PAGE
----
A key factor of Pfizer’s Covid-19 antiviral Paxlovid efficacy has been early intervention, but getting it in time has proven to be a challenge. On 6 July, in an effort to accelerate access, the US Food and Drug Administration (FDA) allowed pharmacists to also begin prescribing the drug to eligible individuals with Covid-19. Previously, only licensed and authorised physicians, advanced practice registered nurses, and physician assistants could prescribe the drug.
“Since Paxlovid must be taken within five days after symptoms begin, authorising state-licensed pharmacists to prescribe Paxlovid could expand access to timely treatment for some patients who are eligible to receive this drug for the treatment of Covid-19,” the director of FDA’s Center for Drug Evaluation and Research Dr Patrizia Cavazzoni said on the label expansion.
However, the American Medical Association (AMA) released a statement warning that while most patients benefit from Paxlovid, it is not for everyone. “[Prescribing it] requires knowledge of a patient’s medical history, as well as clinical monitoring for side effects and follow-up care to determine whether a patient is improving—requirements far beyond a pharmacist’s scope and training,” as per a statement by AMA president Jack Resneck. The nonprofit Physicians for Patient Protection also raised a similar point that pharmacists who may be unfamiliar with a patient’s medical history can pose the risk of significant negative health outcomes if Paxlovid is incorrectly prescribed.
In response to these issues, American Society of Health-System Pharmacists senior director of Pharmacy Practice and Quality Michael Ganio tells Pharmaceutical Technology: “Pharmacists are going to address [these concerns] by doing what we’ve always done. They will [check] new prescriptions for appropriateness and accuracy and that doesn’t really change based on who’s prescribing it.”
How to get Paxlovid
Ganio says that, ideally, once an individual receives a positive Covid-19 result, they should call their pharmacy or communicate through a drive-through facility to minimize the risk of exposure. The pharmacist can then review their medical history to make sure there are no concerns of drug-drug interactions with Paxlovid. And, if there are concerns, the pharmacist can call their healthcare provider to develop a plan.
Paxlovid is contraindicated with drugs that depend on the CYP3A enzyme for clearance (from plasma), which include antipsychotics, cardiovascular agents like eplerenone, ivabradine, migraine medications like eletriptan, ubrogepant, among others.
In its announcement, the FDA advised individuals to keep their electronic or printed health records from the past year ready while seeking treatment. This allows the pharmacist to review any potential kidney or liver problems, along with a patient’s list of existing medications. The updated guidance still mandates a patient to be referred to a physician or other healthcare professionals if this information is not available.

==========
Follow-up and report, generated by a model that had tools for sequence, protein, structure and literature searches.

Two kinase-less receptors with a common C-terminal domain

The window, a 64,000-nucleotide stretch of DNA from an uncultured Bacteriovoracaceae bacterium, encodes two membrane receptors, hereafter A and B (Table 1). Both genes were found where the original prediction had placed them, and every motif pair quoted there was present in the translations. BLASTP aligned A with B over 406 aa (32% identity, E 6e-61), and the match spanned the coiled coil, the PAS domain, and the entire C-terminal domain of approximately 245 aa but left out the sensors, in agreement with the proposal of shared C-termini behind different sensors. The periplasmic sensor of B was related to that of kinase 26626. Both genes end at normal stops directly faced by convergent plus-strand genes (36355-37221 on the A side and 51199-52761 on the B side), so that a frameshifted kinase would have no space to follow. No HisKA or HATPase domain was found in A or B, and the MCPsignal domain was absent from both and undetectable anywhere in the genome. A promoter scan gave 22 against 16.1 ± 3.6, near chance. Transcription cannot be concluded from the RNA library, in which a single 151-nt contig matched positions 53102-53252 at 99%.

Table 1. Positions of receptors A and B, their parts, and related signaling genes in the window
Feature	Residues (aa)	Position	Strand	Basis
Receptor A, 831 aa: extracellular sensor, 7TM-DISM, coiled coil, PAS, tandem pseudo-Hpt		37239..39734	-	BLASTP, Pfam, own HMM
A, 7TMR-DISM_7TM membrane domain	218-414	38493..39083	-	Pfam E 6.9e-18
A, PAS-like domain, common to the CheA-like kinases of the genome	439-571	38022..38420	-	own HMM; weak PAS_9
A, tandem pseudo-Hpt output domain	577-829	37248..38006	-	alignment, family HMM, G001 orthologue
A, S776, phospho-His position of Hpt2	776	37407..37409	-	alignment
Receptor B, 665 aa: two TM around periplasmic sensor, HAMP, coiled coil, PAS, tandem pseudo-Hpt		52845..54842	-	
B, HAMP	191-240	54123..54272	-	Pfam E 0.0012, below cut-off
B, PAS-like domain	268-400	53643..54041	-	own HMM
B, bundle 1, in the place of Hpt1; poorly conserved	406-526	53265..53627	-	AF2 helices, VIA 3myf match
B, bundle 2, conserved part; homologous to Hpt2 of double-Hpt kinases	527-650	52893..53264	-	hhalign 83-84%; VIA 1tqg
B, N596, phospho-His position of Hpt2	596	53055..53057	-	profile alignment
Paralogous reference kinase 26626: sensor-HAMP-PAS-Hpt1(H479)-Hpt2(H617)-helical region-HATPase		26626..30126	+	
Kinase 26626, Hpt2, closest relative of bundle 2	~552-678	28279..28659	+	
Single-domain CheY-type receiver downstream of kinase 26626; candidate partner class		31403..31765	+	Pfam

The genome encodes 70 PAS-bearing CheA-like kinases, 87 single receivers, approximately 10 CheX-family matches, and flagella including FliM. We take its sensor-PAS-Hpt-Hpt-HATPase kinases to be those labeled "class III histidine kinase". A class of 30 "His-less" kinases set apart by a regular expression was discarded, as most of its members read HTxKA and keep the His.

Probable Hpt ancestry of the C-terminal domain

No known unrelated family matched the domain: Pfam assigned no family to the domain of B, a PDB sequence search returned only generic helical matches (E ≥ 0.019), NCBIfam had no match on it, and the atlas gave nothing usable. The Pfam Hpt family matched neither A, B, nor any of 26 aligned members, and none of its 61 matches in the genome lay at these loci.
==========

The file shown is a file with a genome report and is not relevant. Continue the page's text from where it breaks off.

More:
Many health systems have their own community pharmacies, with pharmacists working in places like emergency departments, primary care clinics, and specialty clinics where they have access to patient medical records, Ganio says. Many patients don’t have a primary care provider, or access to either urgent care or telehealth, or the financial resources to be able to pay for a clinic visit, he adds. This is where pharmacists can make a difference, he notes.
Still, pharmacists having prescription authority is not without precedence, Ganio says. Certain states allow them to prescribe a limited list of medications, and they already manage dose adjustments, and such when needed. “So, this isn’t necessarily new, but what’s novel is this scale; it’s happening on a national level, and the fact that we’re in a public health emergency when access to prescribers is critical.”
While the label expansion will likely increase avenues for patients to access the antiviral, Ganio adds one caveat: due to burnout and turnover seen across the healthcare field, including pharmacy staff, there are going to be sites that just don’t have the resources to dedicate a pharmacist to do some of this work.
Paxlovid in the news
Paxlovid has proven to be a key growth driver for Pfizer, earning $1.5 billion in global sales after its launch in late 2021 in the US and other countries, as per the company’s Q1 results. Pfizer expects revenues to reach approximately $22 billion in the fiscal year.
Pfizer’s drug is not the only authorized oral Covid-19 antiviral. Merck (MSD outside the US) manufactures Lagevrio (molnupiravir) which got the FDA’s backing in December 2021, just a day after Pfizer’s EUA for Paxlovid. But even when Lagevrio supplies outpaced those for Paxlovid at certain points, it was not viewed as favorably. The US National Institutes of Health (NIH) recommends Lagevrio in eligible individuals, only when neither of the preferred therapies—Gilead Sciences’ Veklury or remdesivir, or Paxlovid—are available, feasible, and clinically appropriate. The US FDA has not announced any updates to Lagevrio’s label.
Despite its high efficacy in preventing hospitalizations, recent reports have highlighted cases of the “Paxlovid rebound effect” where some patients experience their symptoms returning after their treatment course was completed. In late May, The Centers for Disease Control and Prevention (CDC) issued an advisory on the effect, but emphasized that the drug continues to be recommended as an early-stage treatment for eligible individuals.